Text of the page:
You have developed a crush on someone you work with, and like many shy but hopeful romantics, you set out to learn as much as you can about her. You might have even found out where she lived. Now you have been accused of stalking, and you worry about the potential legal and employment consequences. What are the laws on stalking in Wisconsin?
The definition of stalking can be vague and confusing. You might have been doing something completely harmless, but your co-worker was uninterested and saw it as stalking. Or, you may have unintentionally crossed a line with your actions. It is important to understand the common behaviors surrounding stalking, so you do not face long-lasting consequences.
What is stalking?
Stalking involves numerous types of unwanted, unreciprocated behaviors that can make the target feel pursued, harassed and afraid for his or her safety. Stalking can involve the person you find attractive who does not know you very well. The behavior also often applies to those in a former relationship who have broken up or were in domestic violence situations. For example, a man who is having trouble getting over his ex-girlfriend might text and call her at all hours, including at work. Or, after their divorce, a woman with a history of violent attacks on her husband might key his car, throw a rock through his apartment window and threaten to harm him or his pets.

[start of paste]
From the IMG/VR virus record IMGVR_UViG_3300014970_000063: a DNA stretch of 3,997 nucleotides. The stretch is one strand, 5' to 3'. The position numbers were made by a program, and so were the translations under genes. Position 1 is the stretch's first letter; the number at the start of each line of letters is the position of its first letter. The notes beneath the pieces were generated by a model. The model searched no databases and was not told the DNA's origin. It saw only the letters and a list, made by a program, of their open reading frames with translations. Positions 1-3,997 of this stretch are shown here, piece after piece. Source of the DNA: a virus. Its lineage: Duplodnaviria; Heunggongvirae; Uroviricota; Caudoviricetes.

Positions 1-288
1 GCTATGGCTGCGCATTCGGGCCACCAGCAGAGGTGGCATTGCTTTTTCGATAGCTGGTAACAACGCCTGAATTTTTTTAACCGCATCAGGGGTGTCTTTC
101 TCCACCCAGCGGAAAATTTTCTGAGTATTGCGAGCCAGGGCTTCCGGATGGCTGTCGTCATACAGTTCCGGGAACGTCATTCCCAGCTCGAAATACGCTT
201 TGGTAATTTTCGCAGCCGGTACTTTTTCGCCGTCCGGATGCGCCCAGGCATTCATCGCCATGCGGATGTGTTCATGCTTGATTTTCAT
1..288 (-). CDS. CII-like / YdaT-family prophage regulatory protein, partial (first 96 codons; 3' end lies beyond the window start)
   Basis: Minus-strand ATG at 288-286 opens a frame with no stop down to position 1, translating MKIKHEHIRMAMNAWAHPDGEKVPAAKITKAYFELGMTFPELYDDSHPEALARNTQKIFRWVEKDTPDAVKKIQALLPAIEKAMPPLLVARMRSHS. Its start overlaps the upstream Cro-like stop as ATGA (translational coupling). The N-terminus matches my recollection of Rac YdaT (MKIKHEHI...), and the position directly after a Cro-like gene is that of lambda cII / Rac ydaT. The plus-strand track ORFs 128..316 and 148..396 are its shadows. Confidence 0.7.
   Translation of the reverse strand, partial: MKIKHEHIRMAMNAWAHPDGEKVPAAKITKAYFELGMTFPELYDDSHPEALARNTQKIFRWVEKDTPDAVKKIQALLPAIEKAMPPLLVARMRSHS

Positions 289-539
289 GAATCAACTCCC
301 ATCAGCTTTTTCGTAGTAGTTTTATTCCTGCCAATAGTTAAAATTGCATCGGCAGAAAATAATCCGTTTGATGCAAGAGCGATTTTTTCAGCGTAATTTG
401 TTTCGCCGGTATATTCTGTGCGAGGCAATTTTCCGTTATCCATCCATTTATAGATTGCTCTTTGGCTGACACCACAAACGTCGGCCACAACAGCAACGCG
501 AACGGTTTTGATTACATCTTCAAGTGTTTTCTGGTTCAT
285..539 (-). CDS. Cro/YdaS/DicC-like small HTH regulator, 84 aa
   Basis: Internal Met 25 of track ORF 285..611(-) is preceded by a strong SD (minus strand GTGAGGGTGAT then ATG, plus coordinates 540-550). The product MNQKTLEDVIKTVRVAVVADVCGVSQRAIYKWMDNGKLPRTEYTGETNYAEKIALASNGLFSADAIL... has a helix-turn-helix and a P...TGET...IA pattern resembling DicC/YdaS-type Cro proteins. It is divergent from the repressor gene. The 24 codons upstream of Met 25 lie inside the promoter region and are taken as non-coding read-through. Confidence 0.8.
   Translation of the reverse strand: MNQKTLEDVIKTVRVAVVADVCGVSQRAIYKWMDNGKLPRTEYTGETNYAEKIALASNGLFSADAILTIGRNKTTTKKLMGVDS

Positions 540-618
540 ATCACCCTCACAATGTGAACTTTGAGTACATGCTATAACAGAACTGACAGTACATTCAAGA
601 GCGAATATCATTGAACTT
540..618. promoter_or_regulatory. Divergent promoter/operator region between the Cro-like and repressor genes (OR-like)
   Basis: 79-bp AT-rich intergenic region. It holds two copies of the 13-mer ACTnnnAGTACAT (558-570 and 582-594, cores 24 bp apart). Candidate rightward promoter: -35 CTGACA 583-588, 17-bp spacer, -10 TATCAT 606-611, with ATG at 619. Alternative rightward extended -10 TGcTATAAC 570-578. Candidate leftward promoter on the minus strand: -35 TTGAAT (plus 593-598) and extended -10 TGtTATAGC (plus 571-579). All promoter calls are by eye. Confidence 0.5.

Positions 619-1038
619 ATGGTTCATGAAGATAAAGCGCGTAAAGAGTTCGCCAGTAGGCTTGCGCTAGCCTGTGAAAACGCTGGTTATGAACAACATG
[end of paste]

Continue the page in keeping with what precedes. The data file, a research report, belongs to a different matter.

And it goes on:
Are there criminal consequences for a stalking conviction?
In Wisconsin, you could face a felony charge for stalking. The penalties are more severe if the alleged stalker gathered information about his or her target electronically or if the target was a minor. Charges are also more serious for a subsequent stalking conviction within seven years against the same victim.
Relationships can be difficult, especially if you are trying to establish a connection or move on after a breakup. If someone has accused you of stalking, the law entitles you to a competent defense.